House Oversight Chairman Darrell Issa on Friday dropped his panel's subpoena for a June 12 hearing with John Kerry to answer questions about Benghazi, clearing the way for the secretary of State to be questioned by the new House select committee headed by Rep. Trey Gowdy, R-S.C.
Issa, R-Calif., in a statement announcing the move, said he felt Democrats would use the Oversight and Government Reform hearing to "distract" from the efforts of the Gowdy panel, which has been charged by House Speaker John A. Boehner with getting to the "truth" of the Sept. 11, 2012, terror attack in Libya that killed four Americans.
“Seeing Secretary Kerry and others, who have worked to obstruct critical oversight of Congress’ investigations into Benghazi, attempt to use the upcoming June 12 hearing as a shield against the Select Committee tells me it’s time to reassess," Issa said. "It’s been disappointing to watch a long serving former Senator, like Secretary Kerry, squirm his way to what I’m doing today — releasing him from the upcoming hearing commitment he made only after we issued him a subpoena."
Kerry and the State Department have said if the secretary appeared before the Issa panel, there would be no need or inclination to appear before the select committee. Issa had said previously he intended to continue with Oversight's ongoing investigation into Benghazi, but in Friday's statement, he seemed to hand the ball off to the new select committee:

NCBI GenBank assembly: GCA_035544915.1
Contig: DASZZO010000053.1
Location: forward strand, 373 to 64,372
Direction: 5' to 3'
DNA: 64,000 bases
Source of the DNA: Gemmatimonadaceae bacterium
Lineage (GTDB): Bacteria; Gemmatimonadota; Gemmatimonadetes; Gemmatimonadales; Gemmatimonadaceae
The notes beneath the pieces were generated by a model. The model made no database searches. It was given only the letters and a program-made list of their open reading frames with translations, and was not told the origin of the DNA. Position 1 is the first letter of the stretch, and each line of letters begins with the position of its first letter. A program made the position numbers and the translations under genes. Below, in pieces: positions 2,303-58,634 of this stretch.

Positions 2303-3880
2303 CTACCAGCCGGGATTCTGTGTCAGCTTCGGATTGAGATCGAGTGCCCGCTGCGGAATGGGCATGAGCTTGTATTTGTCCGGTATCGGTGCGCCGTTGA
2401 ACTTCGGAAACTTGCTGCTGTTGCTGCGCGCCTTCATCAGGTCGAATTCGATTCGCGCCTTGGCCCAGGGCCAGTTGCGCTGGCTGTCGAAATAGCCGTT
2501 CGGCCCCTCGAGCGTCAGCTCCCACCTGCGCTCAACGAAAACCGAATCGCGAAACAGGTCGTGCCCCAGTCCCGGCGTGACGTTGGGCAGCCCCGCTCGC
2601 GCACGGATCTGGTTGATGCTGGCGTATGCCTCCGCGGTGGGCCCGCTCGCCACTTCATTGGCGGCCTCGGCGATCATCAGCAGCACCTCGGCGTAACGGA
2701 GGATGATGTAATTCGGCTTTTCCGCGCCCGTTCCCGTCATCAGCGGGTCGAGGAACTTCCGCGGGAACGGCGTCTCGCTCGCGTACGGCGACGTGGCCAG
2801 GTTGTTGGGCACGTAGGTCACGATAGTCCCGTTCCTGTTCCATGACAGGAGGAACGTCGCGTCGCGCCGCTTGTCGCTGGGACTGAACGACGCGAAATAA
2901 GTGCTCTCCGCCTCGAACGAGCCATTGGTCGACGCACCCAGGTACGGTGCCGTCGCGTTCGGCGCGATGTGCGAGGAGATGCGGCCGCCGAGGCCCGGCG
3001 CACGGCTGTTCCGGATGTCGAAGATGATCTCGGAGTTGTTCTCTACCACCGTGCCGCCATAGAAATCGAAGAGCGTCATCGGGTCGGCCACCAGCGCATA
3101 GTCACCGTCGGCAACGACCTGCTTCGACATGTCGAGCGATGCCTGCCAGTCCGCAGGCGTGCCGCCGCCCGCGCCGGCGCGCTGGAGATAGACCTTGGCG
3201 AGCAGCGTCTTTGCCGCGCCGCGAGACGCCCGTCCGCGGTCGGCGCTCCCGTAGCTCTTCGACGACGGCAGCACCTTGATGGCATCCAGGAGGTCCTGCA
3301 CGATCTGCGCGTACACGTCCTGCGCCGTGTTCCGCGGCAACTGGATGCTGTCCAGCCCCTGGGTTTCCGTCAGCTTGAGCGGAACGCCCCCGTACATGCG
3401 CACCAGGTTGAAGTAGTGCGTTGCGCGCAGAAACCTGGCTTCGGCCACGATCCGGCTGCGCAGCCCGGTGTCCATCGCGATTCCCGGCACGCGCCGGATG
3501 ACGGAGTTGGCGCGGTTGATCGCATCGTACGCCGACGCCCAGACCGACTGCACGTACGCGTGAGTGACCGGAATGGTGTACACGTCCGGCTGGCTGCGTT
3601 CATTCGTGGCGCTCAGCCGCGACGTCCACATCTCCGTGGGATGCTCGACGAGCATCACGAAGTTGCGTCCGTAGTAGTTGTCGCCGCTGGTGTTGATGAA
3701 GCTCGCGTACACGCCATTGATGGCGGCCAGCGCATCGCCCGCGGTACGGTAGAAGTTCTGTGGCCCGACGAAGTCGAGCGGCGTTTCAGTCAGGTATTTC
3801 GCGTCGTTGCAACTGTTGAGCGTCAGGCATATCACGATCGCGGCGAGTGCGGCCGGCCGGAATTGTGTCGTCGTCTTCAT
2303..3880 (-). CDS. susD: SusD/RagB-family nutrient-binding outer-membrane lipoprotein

"No matter how long the investigation of a terrorist attack that killed four Americans takes, getting the full truth is what matters. The Select Committee is the House of Representatives’ commitment to getting this truth. It will conduct its investigation in the face of an all-hands-on-deck effort by defenders of the principal actors to further obscure the facts. While Speaker Boehner and I had both originally concluded that Secretary Kerry needed to promptly testify and explain why his Department had withheld subpoenaed documents, neither of us immediately recognized how opponents of congressional oversight would use this as an opportunity to distract from the Select Committee’s effort.
“I am extremely proud that the Oversight Committee’s investigation led to a bipartisan vote to establish the Select Committee. Our work pierced the original false accounts introduced by senior Administration officials in the immediate aftermath of the attack, and gave the American people many essential facts about events prior to, during and after that terrible night in Benghazi. As much as we fought to learn what we could, bring critical witnesses forward, and shame the Administration into disclosing more than it originally intended, I expect the Select Committee’s unified jurisdiction will afford it better access to the complete picture than any of its investigative predecessors. In attempting to cover up documents like the September 14 e-mail from Deputy National Security Advisor Ben Rhodes, President Obama, Secretary Kerry, and other officials have no one but themselves to blame for the increased scrutiny they should soon expect."